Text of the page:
Jeroen Krabbé exhibition, Zwolle
May 9, 2008
Yes, Jeroen Krabbé is the actor, but I saw his work on a postcard 15 years ago and fell in love with it immediately. His color sense spoke directly to me, as did the play between decorative and figurative in his compositions. They communicate a pure joy in the act of painting.
I had never seen any of his originals before, and they were a revelation. There are areas of exposed canvas, thickly applied paint, watercolor-like glazes, beautiful rhythmic brushstrokes and scratches all on the same canvas. There are truly transcendent moments of certain color combinations that are obviously products of flow during the creation process. You could never premeditate those slivers of magic that appear, they are pure gifts.
My favorite pieces of his are where the color speaks first- warm washes of yellows and salmons for his French and Spanish landscapes. And cool greens and blues for Malaysia. In the DVD I bought of him giving a tour of the show (over 200 paintings), he mentions that form makes him nervous. He feels that the way he uses color actually builds form. I often feel the same cramped feeling when having to ‘get something right’ gets in the way of the pleasure in painting.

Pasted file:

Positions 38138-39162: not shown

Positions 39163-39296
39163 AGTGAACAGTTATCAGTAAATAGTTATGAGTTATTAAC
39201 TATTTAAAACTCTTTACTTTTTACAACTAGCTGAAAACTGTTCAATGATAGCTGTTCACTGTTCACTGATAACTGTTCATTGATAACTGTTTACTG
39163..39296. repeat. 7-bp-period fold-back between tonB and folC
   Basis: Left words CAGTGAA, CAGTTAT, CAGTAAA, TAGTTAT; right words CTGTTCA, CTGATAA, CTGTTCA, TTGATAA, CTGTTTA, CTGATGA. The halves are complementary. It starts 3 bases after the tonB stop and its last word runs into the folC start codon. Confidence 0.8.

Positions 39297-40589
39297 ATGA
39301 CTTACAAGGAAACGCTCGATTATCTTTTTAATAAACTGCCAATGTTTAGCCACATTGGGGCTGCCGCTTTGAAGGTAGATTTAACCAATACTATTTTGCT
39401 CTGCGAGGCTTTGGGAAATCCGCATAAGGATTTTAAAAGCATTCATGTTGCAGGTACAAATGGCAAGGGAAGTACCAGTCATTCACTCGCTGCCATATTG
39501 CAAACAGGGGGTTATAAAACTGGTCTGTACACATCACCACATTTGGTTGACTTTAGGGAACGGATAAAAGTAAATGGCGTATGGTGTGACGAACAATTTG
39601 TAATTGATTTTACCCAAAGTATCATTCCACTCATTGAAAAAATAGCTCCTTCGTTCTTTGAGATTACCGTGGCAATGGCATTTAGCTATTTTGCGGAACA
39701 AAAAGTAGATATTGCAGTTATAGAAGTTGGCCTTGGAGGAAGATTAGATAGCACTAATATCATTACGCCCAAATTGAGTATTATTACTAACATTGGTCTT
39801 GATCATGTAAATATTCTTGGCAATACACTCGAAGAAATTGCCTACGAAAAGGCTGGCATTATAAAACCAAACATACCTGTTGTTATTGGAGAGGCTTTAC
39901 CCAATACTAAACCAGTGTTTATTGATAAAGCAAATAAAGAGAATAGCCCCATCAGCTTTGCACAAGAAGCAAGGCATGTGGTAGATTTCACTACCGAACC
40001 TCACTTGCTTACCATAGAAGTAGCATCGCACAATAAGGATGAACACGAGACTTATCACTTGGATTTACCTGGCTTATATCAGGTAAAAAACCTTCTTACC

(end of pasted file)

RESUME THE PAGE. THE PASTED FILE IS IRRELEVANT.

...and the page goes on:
In Krabbés work I see how he claims the freedom to do what he wants to do; and striving for a purely representational painting would be a real damper on his boundless joy in putting down the colors and strokes- his colors and strokes. And obviously his current level of mastery is the result of consistent hard work over several decades!!
Spending all that time with these paintings today has opened up something for me in relation to my own art though I don’t quite know what it is yet.
Krabbé mentioned how artists get inspired by ‘great’ artists and ‘use’ certain techniques of theirs- strokes, color combinations, etc.; he emphasized that this is not stealing. I agree, I see it as one more stepping stone to finding your own way of painting and seeing. Just as Gaugain, Cézanne, Klee, Matisse and other masters have been models for Krabbé, his paintings now are models for a new generation of artists.